Germany advises EU to prepare for potential no-deal Brexit

Jill Petzinger
Jill Petzinger, Germany Correspondent, Yahoo Finance UK
German chancellor Angela Merkel (R) and British prime minister Boris Johnson. Johnson said he hoped to finalise a deal with the EU by the end of the summer. (Adam Berry/Getty Images)

The German government is urging other EU member states to get ready for a potential no-deal Brexit, according to a government document seen by Reuters.

The document, dated 15 June, says that member states should begin putting contingency plans in place for what it described as “no deal 2.0” and that EU states should not accede “at any price” to the UK’s plans for a rapid trade and security deal this summer.

“From September, the negotiations enter a hot phase,” the document reads. “Britain is already escalating threats in Brussels, wants to settle as much as possible in the shortest possible time and hopes to achieve last-minute success in the negotiations.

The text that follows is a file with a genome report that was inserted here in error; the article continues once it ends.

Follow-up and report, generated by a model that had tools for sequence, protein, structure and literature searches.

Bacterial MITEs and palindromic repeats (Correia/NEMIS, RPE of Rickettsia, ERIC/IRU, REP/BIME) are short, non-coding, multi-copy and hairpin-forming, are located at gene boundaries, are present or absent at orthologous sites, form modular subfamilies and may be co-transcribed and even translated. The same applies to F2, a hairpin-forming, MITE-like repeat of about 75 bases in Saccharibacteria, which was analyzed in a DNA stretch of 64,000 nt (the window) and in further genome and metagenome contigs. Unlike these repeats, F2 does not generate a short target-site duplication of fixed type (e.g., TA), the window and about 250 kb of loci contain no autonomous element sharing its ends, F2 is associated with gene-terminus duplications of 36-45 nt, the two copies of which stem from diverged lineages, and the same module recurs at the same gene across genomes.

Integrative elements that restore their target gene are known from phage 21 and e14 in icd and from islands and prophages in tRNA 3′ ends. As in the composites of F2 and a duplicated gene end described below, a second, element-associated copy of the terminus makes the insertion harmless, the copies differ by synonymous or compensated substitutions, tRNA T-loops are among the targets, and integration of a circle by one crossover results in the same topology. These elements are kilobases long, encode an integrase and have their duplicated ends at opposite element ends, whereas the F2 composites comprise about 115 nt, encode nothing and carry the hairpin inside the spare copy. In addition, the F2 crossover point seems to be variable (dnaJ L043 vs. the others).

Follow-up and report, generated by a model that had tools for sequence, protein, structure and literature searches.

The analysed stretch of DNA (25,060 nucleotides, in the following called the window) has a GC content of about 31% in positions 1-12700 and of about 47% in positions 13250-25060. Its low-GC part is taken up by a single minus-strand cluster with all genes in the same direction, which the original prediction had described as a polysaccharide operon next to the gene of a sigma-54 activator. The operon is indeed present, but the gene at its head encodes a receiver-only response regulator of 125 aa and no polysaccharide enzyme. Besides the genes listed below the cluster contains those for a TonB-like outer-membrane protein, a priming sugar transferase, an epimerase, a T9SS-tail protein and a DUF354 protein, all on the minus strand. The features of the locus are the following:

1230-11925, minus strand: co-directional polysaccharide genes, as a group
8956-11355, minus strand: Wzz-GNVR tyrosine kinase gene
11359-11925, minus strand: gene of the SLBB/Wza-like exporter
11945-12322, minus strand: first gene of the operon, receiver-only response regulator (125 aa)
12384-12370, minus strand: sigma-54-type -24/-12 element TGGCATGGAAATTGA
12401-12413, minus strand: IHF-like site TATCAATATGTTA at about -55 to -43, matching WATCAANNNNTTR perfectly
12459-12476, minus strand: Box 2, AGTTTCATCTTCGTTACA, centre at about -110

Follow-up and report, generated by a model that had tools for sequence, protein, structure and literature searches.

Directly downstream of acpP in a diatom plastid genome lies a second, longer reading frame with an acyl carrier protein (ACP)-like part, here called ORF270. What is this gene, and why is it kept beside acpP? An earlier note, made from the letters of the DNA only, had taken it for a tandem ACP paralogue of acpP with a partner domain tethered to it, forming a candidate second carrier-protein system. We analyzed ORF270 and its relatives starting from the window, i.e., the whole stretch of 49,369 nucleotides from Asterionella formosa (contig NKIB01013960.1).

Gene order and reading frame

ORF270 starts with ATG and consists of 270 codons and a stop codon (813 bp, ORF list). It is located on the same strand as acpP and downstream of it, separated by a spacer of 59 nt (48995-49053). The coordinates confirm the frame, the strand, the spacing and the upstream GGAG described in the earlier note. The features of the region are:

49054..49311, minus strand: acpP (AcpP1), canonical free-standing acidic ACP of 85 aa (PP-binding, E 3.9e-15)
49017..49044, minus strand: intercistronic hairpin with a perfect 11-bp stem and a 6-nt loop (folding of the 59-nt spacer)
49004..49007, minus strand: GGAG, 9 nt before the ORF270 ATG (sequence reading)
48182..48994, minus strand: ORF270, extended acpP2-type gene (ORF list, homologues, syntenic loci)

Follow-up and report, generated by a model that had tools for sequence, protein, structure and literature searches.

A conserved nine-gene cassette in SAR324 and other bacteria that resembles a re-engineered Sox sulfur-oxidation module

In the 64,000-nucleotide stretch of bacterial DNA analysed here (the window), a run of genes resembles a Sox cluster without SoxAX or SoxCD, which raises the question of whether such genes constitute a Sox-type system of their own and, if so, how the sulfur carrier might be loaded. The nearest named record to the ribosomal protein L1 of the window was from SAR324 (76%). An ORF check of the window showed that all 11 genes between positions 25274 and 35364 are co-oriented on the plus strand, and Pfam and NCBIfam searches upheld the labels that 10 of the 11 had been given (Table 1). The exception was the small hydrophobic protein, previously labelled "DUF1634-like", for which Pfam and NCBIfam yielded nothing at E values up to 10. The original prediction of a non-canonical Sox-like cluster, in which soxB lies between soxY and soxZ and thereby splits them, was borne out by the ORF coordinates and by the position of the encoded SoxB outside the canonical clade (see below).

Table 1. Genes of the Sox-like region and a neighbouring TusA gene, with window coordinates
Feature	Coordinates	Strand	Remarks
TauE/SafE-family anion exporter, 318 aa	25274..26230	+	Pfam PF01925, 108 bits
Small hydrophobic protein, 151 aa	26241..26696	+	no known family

“It is therefore important to preserve the unity of the 27, to continue to insist on parallel progress in all areas (overall package) and to make it clear that there will be no agreement at any price.

“The situation is less serious than in 2019, as important regulations — for example, for citizens — were sorted out in the withdrawal agreement,” the German document reads.

The German government document revealed that the Foreign Office believed the transition period would not be extended beyond the end of this year.

British prime minister Boris Johnson said this week that he hoped to finalise a deal with the EU by the end of the summer. Johnson and EU institution heads agreed after a video conference on Monday that they would intensify talks in July.

READ MORE: Boris Johnson hopes for post-Brexit trade deal with the EU by autumn

A joint statement issued after the video call said that the UK’s Brexit transition period will end on 31 December, at the request of the UK government. It said both sides hoped intensified talks in July would create “conducive conditions” for a deal by the end of 2020.